Deciphering the "Polarity Code": the Mechanism of Par Complex Substrate Polarization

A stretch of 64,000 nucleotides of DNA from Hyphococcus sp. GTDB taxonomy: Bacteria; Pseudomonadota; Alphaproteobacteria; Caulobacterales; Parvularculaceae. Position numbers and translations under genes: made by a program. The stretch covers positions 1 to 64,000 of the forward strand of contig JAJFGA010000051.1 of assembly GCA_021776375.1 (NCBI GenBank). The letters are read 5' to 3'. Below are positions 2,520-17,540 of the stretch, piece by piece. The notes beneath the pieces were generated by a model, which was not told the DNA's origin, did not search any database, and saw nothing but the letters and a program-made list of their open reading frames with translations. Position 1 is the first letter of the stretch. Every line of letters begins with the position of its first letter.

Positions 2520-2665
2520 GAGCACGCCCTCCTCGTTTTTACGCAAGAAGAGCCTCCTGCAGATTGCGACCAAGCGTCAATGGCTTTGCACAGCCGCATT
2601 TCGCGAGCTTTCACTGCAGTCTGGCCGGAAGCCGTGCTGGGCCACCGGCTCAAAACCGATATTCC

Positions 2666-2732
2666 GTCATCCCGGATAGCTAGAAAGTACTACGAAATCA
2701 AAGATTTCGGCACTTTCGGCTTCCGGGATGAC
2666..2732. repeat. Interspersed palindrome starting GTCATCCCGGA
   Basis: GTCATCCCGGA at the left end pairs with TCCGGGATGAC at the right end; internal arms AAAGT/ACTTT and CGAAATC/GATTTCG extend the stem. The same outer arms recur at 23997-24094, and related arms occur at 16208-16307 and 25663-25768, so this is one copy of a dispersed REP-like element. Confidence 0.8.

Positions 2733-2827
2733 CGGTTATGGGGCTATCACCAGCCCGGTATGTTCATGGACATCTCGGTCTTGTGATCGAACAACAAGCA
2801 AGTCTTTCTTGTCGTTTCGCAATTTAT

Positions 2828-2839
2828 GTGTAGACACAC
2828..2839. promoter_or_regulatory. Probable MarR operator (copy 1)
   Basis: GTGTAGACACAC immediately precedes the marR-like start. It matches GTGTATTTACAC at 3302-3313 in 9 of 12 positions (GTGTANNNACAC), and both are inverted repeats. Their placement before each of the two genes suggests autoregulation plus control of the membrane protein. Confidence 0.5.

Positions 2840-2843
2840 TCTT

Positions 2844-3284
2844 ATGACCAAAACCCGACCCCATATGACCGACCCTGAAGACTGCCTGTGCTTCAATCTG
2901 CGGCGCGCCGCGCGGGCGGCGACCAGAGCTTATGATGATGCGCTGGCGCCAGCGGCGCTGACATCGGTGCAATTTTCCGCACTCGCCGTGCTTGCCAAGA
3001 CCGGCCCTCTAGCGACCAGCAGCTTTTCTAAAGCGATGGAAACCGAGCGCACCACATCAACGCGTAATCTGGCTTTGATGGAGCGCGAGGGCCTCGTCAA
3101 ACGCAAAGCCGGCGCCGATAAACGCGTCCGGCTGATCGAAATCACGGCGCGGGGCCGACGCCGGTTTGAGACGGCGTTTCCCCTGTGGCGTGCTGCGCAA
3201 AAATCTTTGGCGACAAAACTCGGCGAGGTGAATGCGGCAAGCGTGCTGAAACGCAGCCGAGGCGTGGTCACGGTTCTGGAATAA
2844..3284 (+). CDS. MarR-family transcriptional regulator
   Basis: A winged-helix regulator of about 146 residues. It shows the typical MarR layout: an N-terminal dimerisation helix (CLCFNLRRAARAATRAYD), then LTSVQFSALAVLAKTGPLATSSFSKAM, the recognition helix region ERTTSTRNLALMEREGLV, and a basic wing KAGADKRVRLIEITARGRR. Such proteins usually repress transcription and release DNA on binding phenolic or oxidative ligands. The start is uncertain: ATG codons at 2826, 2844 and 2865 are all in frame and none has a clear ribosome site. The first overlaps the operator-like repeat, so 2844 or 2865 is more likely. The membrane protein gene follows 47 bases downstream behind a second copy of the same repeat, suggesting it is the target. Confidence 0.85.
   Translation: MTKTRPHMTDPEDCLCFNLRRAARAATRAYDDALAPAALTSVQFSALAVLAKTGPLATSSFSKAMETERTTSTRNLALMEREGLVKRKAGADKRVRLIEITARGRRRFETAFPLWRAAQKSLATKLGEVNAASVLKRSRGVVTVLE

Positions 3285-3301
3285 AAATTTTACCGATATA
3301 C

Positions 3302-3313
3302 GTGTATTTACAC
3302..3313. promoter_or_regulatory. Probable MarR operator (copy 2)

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Animal cells, as distinct as epithelia and migratory cells, have cell polarity that is defined by a common set of molecules. The Par complex polarizes the cortex of animal cells through the activity of atypical protein kinase C (aPKC). In this work, I aimed to determine the mechanism of aPKC substrate polarization and identify common characteristics of aPKC substrates that are polarized by phosphorylation. I found that several diverse Par-polarized proteins contain short highly basic and hydrophobic motifs that overlap with their aPKC phosphorylation sites. These Phospho-Regulated Basic and Hydrophobic (PRBH) motifs mediate plasma membrane localization by electrostatics-based phospholipid binding when unphosphorylated but are displaced into the cytoplasm when phosphorylated. To assess whether the Par complex polarizes other proteins by this mechanism, I developed an algorithm to identify potential PRBH motifs and score these linear motifs for basic and hydrophobic character, as well as the quality and number of aPKC phosphorylation sites. Using this algorithm, I identified numerous putative PRBH candidates in the fruit fly proteome and performed two screens of these candidates for Par-polarized proteins. The first screen focused on determining whether aPKC regulates cortical targeting of proteins that are reported to be polarized. This screen identified the Rho GAP crossveinless-c (cv-c) to be a novel aPKC substrate and found that aPKC is sufficient to polarize cv-c in a reconstituted polarity assay. The second screen characterized the localization of putative PRBH motif-containing proteins in vivo. This screen identified a previously uncharacterized protein, CG6454, to be basolateral in epithelia; however, ex vivo experiments found it to have a Ca2+-dependent and aPKC-independent membrane targeting mechanism. Overall this work identified a common mechanism for Par substrate polarization and used knowledge of this mechanism to identify a novel Par effector. This dissertation contains previously published coauthored materials as well as unpublished materials.